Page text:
What’s surprising to hear Avery admit is that when she first came to Berry from Conyers, Georgia, she was “a bit shy.” Then she saw a sign for a Forensics Union meeting, which she mistook for a forensic psychology meeting. “It didn’t take me long to realize I was at a club meeting, not a psychology class,” she laughed. “It was the happiest accident I ever made.” Being a member of Berry’s very successful Forensics Union has given her the “confidence to become an advocate for social change.”
Avery has ready advice for students considering Berry: always talk to your professors. “They love it when you come into their offices – in fact, they expect it.” Also, learn to balance your personal needs with those of others. “Even though college is very hectic and you’ll be pulled in a million directions, put yourself first.” And finally, “Don’t pet the deer. I learned that the hard way,” she laughs.
Tyler Vaughan loves to solve puzzles and one of the puzzles he’s most enjoyed solving at Berry is that of his future profession.
Tyler came to Berry from Ringgold, Georgia, thinking he wanted to pursue a career as an actor. And indeed, he did land a plum role as the lead in a Berry production of “Peter and the Starcatcher.” Then he started to take classes in anatomy and physiology and thought about how interesting and complex the human body is. “I realized medicine has been an integral part of our success as a species. It contributes so much to our quality of life,” he reflected. As a Gate of Opportunity Scholar, Tyler had a job as a student trainer in sports medicine where he worked with several Berry athletic teams. With all the patient contact, he started to think about becoming a physical therapist working with performers. After conversations with friends and professors, however, Tyler realized he wanted to leap into the field of medicine with both feet and become an M.D. “From the minute I made the decision to become a doctor, everything just felt right,” he said. Tyler has shadowed an internist and a neurologist and made two medical mission trips to Nicaragua. He also volunteers at a nearby free clinic.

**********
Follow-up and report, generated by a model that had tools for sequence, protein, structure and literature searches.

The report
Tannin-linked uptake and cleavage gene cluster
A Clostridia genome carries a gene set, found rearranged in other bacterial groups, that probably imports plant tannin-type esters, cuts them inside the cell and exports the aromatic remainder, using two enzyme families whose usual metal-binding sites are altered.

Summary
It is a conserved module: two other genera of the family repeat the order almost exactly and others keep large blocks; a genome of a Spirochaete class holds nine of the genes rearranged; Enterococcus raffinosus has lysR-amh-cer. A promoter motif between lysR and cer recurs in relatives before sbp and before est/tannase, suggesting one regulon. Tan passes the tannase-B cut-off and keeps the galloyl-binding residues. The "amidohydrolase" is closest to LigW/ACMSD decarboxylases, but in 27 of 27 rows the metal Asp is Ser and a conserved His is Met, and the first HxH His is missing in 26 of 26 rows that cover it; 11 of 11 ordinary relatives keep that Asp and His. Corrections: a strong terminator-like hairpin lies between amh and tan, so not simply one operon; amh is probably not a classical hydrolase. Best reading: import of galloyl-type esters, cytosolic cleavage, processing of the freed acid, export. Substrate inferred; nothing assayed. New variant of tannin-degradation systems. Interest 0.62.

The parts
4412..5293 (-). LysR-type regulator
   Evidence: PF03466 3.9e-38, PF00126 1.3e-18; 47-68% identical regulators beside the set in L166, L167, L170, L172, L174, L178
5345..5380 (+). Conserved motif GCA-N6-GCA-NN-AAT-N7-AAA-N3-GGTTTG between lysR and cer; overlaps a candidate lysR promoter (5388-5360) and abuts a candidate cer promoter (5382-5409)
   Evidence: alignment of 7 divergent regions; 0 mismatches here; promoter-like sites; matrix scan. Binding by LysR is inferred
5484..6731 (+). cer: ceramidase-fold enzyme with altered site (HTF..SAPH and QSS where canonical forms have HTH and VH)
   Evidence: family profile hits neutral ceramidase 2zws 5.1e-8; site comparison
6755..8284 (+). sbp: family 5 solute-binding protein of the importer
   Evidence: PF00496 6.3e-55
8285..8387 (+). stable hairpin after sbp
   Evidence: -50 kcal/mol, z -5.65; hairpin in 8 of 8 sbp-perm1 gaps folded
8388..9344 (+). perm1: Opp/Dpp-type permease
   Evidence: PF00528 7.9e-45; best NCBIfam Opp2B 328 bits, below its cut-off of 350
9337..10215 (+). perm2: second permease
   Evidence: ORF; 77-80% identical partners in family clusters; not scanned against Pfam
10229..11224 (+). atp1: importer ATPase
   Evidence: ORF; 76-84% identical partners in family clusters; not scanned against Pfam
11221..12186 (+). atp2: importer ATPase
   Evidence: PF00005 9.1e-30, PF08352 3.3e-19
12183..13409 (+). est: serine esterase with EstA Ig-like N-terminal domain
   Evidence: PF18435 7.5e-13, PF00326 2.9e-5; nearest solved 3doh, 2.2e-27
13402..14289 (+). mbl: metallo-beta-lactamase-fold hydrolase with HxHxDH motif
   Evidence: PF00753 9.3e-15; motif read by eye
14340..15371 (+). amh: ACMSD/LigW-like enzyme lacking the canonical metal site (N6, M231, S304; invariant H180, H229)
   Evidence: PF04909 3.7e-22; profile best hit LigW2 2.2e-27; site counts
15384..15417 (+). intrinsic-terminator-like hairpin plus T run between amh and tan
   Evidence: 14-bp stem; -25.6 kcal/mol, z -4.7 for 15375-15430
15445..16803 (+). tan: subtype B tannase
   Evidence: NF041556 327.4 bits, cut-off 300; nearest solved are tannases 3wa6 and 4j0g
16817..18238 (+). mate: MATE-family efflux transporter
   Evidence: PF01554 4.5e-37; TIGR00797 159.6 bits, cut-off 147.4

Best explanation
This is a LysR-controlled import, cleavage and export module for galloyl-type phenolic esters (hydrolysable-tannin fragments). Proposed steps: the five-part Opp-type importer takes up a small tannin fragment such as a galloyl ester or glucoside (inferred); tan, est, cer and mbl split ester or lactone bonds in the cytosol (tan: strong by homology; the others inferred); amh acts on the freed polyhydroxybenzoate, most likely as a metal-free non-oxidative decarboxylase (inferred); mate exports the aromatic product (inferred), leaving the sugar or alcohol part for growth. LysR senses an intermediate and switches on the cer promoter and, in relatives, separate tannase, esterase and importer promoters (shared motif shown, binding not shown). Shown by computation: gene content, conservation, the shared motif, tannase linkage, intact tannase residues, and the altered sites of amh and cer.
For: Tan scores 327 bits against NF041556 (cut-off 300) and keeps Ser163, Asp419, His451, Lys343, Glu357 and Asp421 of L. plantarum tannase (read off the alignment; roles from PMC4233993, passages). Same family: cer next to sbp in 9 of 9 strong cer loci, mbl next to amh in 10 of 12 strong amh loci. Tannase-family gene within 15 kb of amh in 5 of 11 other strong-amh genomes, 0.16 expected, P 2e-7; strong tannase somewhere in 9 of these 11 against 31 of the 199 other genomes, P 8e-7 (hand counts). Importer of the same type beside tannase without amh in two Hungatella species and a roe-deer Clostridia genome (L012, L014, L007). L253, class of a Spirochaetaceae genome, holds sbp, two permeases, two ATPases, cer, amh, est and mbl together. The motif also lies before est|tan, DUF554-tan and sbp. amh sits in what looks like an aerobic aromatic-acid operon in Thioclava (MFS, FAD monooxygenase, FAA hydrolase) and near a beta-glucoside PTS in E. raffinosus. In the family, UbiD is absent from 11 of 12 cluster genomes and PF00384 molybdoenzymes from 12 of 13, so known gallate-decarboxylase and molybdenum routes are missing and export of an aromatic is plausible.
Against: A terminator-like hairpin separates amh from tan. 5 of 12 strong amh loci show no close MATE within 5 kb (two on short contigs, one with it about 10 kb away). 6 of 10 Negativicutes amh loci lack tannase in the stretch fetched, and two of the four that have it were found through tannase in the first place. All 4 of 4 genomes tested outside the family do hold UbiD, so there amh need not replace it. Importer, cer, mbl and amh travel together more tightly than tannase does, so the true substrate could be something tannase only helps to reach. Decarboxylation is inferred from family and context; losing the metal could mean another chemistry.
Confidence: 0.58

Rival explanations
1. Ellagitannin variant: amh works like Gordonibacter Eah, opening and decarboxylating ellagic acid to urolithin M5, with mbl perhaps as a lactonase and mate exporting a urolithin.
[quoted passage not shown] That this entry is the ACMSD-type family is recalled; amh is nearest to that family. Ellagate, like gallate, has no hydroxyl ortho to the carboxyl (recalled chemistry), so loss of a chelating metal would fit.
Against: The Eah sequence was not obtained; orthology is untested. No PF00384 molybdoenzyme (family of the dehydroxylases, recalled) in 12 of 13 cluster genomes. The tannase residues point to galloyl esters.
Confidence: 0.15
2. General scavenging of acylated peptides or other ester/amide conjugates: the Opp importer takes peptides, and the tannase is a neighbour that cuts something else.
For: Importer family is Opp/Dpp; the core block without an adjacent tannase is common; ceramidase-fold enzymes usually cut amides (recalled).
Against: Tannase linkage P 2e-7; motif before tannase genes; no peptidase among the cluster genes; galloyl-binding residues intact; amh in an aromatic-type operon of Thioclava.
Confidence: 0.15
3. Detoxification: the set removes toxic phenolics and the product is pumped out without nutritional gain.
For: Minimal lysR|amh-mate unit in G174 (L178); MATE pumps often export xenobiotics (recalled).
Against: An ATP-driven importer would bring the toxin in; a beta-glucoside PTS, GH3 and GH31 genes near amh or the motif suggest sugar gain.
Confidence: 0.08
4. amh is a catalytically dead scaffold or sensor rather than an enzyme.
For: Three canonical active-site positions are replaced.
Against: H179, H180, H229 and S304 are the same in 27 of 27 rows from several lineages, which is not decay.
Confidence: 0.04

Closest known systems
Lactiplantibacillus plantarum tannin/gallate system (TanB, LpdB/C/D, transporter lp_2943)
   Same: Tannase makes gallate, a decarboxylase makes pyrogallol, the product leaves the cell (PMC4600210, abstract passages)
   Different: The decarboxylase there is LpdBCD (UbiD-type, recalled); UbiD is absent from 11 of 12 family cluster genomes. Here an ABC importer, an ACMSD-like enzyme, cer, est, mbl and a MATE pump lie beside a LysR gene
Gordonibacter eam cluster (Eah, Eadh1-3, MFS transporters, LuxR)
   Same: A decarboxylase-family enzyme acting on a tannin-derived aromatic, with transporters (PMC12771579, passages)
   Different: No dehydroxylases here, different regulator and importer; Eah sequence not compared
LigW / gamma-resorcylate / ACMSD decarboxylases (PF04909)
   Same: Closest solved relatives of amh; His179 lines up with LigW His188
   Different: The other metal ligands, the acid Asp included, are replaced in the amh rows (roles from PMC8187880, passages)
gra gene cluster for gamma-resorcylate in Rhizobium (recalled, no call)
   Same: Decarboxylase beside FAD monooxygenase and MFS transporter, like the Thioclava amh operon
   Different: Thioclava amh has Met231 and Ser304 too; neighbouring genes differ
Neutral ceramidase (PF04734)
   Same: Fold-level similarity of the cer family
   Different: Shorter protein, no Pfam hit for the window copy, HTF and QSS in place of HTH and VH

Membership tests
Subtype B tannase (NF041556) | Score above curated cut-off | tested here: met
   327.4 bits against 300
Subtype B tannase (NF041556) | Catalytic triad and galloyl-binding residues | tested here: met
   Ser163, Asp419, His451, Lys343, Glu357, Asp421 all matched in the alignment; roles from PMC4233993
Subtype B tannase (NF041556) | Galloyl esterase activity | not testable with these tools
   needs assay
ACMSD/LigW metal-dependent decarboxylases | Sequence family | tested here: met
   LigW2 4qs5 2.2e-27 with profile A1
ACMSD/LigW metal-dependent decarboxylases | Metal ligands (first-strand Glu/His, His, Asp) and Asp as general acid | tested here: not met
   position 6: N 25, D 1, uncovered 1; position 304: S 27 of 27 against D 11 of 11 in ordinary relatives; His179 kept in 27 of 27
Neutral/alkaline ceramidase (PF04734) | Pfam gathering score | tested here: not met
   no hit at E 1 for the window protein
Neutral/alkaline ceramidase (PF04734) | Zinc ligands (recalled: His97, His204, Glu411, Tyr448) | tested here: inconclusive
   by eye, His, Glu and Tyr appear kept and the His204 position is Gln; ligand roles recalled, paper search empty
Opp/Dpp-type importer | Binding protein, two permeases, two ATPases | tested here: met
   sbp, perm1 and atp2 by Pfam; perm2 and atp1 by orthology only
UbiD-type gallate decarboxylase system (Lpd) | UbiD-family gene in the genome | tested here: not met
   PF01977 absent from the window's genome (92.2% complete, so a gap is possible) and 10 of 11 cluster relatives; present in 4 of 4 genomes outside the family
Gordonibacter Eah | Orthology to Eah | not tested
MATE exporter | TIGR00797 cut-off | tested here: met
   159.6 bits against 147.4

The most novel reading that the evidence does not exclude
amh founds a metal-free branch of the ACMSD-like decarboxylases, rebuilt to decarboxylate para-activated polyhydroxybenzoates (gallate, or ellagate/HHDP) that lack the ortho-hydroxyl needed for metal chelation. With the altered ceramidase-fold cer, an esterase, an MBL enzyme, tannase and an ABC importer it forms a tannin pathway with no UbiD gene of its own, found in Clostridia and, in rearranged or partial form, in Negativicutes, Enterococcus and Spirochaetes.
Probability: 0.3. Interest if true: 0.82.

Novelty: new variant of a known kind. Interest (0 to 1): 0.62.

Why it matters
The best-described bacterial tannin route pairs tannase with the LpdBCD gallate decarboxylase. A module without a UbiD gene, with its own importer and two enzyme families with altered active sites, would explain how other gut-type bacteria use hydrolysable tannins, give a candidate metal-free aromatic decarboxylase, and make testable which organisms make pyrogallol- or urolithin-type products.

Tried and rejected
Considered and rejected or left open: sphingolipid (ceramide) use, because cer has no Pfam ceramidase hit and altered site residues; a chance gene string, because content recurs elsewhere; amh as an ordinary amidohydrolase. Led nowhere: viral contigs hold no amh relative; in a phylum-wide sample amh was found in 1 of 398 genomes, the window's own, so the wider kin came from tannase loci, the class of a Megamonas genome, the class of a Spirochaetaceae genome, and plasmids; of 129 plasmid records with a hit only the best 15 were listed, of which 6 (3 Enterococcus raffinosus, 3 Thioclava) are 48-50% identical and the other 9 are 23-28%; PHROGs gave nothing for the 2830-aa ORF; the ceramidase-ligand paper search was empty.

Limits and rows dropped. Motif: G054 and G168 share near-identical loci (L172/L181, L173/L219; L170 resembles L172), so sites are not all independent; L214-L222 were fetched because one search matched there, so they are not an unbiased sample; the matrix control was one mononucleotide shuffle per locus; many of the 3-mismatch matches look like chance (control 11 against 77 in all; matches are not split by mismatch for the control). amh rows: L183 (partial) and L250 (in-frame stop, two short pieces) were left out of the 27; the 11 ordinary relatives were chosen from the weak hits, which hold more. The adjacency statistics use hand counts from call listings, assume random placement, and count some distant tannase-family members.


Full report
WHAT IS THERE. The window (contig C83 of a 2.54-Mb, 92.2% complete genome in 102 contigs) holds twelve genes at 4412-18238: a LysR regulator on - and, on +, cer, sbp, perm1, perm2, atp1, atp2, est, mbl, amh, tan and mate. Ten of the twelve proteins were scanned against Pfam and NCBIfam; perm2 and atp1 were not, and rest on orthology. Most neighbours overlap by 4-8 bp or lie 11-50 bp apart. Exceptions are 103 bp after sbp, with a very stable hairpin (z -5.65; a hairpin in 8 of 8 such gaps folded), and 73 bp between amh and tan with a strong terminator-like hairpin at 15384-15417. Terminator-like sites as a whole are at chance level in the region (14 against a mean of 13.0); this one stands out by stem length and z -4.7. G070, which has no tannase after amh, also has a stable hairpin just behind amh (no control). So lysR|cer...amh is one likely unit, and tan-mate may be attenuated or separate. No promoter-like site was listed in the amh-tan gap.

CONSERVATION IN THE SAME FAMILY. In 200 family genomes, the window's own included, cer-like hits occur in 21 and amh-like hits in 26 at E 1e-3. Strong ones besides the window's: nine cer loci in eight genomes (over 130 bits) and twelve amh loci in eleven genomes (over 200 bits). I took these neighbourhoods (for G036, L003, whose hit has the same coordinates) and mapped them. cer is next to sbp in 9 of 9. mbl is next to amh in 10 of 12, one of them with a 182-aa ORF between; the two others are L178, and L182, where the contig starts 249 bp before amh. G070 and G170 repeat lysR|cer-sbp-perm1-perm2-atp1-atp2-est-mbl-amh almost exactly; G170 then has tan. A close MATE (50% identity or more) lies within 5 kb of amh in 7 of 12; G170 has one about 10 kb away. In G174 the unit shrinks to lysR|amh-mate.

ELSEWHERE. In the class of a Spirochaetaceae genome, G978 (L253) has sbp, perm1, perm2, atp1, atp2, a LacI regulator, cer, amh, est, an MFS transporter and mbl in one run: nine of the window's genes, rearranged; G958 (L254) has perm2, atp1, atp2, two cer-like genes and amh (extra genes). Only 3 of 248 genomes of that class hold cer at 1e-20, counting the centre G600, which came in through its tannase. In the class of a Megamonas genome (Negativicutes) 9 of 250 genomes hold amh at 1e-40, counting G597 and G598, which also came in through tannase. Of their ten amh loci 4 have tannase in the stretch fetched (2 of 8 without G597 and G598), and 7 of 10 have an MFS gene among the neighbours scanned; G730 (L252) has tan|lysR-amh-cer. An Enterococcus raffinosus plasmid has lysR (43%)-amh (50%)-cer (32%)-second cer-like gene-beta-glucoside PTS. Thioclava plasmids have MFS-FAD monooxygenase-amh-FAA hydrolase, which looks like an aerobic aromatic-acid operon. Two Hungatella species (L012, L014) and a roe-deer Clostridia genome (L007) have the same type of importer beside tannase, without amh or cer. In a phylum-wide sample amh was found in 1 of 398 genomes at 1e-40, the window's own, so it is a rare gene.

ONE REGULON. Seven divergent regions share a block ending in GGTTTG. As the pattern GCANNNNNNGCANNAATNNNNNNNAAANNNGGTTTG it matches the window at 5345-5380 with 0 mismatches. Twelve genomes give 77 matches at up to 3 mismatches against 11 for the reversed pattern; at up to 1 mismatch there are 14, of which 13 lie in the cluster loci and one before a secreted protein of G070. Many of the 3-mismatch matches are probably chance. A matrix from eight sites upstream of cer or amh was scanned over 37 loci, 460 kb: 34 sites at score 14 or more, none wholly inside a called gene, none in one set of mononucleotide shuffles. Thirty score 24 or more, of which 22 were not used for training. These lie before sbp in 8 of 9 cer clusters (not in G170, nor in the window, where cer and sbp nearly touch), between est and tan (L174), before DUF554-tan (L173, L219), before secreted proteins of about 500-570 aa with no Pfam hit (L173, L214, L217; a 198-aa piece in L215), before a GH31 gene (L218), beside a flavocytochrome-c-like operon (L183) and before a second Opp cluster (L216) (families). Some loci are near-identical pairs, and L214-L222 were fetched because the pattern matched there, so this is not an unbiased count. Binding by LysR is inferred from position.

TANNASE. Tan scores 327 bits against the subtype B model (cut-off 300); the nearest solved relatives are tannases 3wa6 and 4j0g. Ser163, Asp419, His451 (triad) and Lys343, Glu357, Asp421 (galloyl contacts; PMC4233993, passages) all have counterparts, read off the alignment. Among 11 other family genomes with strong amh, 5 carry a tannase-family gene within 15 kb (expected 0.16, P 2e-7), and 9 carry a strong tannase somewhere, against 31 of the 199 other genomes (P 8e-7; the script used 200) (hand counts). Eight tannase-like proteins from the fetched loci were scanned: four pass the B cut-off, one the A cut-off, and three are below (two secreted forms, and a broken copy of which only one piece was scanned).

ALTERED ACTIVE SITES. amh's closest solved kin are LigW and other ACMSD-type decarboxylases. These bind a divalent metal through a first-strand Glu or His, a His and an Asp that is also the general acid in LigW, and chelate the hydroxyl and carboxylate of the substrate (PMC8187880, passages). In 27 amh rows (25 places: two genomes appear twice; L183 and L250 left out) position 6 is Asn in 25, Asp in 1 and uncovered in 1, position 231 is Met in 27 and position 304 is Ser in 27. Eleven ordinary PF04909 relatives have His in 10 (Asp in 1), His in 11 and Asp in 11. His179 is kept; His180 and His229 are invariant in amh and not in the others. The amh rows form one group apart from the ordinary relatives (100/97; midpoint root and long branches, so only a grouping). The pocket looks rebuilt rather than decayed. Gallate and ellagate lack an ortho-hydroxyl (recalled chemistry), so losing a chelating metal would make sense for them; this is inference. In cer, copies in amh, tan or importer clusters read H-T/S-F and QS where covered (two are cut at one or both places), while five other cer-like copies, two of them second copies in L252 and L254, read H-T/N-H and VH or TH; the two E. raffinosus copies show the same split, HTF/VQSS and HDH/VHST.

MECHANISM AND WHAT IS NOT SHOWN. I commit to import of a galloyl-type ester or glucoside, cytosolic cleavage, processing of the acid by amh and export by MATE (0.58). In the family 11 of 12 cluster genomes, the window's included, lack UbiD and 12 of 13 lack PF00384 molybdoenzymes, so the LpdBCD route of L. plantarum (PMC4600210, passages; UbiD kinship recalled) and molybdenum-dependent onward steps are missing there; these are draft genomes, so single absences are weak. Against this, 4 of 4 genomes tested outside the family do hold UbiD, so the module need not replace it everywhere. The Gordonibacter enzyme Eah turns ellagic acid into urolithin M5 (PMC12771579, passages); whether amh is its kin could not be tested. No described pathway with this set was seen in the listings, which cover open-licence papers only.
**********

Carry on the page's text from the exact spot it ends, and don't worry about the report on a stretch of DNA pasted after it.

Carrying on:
As a psychology major with a chemistry minor, Tyler has thought a lot about what motivates people. In his social psychology class, he learned that “as humans, we have two basic needs: to belong and to be correct.” He said that a choice for Berry allows students to both belong – and be right. “Berry’s community is so accepting. There’s some place for everyone to belong here,” he said.
In September of Andie Spearman’s senior year, nine months before graduation, her career was ready for launch.